Works set to continue at historic Feathers Hotel
Plans have been submitted for the renovation of one of Shropshire's most historic hotels.
The new owners of the 17th century Feathers Hotel in Ludlow have applied to Shropshire Council to update the 40-bedroom hotel and alter the bar and reception area.
The Grade I listed hotel, which stands on the Bull Ring, was sold to Midlands-based Crest Hotels last year after it was forced to close following the death of a guest who had contracted Legionnaire's Disease during her stay.
Elaine Brown, 69, died in 2017 after suffering a stroke as a result of contracting the disease. Her death was linked to the hotel's outdated plumbing system.
It is not known how much The Feathers was sold for, but the hotel was put on the market in January 2018 for £2.6 million by the previous owners before it went into administration.
Crest have already spent thousands of pounds on creating a new tea room which opened last month.
The tea room, which formed the first phase of the renovation of the hotel, has space for 34 covers and serves homemade food using locally sourced ingredients
Now they plan to give the rest of the hotel an overhaul which could cost up to £1 million. It is anticipated that the 400-year old hotel will reopen fully to guests in the autumn.
The hotel's management are now focusing on refurbishing all bedrooms and corridors, creating a new restaurant and hiring new staff.
Controlled by the Singh family, the Crest chain also runs the Holiday Inn Birmingham Airport, the Holiday Inn Express Liverpool/Knowsley and two hotels in Bristol.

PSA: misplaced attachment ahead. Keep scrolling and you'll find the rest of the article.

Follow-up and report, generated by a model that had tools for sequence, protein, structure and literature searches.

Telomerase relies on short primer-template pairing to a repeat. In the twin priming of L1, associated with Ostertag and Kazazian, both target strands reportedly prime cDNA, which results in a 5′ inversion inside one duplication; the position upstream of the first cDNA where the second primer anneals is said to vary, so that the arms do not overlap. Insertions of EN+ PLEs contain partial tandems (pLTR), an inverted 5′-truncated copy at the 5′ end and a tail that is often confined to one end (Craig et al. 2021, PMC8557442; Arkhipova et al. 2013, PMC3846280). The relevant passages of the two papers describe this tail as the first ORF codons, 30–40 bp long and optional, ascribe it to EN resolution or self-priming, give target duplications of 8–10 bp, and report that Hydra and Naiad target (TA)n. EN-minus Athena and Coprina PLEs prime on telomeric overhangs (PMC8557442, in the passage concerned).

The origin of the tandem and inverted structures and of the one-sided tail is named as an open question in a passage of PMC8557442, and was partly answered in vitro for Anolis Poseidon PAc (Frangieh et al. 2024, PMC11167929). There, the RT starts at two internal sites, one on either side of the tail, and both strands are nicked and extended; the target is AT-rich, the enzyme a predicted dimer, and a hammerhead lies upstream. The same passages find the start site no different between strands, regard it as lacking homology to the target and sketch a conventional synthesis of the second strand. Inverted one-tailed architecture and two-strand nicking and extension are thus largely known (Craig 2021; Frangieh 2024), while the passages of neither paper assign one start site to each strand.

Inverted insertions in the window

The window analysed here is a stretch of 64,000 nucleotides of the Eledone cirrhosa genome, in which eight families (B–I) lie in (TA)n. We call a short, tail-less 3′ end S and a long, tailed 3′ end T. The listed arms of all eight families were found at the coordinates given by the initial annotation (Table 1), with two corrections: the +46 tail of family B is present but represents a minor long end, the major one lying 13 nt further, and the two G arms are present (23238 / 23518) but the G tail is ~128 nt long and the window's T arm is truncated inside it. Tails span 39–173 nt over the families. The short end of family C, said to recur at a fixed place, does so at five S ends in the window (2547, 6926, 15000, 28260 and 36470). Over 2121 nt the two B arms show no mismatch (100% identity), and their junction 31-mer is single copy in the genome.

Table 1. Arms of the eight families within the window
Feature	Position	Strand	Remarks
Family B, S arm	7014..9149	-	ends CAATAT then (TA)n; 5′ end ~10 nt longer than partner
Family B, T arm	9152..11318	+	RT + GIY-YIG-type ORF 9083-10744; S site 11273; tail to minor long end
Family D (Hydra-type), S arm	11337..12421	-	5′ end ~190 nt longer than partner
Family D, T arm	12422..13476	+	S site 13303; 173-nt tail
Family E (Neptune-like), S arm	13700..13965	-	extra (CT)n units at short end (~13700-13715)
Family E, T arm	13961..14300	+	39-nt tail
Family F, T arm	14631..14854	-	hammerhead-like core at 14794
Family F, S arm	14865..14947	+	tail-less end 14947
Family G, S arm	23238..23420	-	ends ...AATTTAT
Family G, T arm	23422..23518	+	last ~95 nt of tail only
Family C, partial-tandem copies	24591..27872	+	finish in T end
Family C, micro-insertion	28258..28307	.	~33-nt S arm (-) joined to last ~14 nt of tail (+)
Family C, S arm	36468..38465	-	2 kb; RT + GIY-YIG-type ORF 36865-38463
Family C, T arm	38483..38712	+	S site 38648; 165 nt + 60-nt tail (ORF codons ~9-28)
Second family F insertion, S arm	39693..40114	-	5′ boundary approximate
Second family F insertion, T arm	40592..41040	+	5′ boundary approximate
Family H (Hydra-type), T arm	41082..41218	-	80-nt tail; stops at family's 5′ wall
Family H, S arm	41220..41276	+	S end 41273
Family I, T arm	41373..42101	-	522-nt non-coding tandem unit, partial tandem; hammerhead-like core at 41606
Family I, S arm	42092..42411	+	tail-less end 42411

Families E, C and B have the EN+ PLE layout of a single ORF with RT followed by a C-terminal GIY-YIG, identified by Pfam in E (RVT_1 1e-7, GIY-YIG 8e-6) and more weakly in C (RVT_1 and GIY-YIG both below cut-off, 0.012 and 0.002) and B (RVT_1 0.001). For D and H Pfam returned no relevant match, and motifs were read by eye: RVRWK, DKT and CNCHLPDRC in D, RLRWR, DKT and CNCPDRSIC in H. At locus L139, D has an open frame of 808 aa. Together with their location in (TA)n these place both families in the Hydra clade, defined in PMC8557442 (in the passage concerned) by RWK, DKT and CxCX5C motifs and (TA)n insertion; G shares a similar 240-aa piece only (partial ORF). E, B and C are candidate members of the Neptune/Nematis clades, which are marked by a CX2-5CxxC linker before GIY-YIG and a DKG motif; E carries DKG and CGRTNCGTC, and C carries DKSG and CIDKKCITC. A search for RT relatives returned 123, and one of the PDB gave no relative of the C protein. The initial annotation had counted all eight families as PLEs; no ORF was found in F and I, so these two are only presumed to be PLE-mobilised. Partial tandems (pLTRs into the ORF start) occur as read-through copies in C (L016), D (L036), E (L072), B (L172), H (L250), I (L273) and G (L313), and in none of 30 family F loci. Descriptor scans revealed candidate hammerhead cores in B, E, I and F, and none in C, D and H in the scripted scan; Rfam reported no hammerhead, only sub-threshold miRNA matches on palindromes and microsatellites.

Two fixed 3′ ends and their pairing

In a design statement submitted to Shropshire Council's planning department, the new owners say they plan to remove unsympathetic 20th-century additions which have been made to the reception areas while maintaining the historic integrity of the building.
The report says: "The proposed development will preserve the special architectural and historic interest of the listed buildings affected.
"With regards to the Feathers, a heritage asset of the highest significance, the alterations will primarily affect 20th-century fabric of no historic or architectural interest, ensuring the key architectural features are preserved. There will be no alterations to the historic plan form or principal rooms.
"The proposed refurbishment of the Feathers Hotel will ensure the conservation and re-opening of this highly significant listed building.
"The works are minor and non-invasive in nature. The works would preserve the special architectural and historic interest of the listed building and facilitate its reopening. This will allow the continued conservation of the listed building and its enjoyment by members of the public, while also contributing to local tourism."
The matter will now be considered by members of the council's planning department.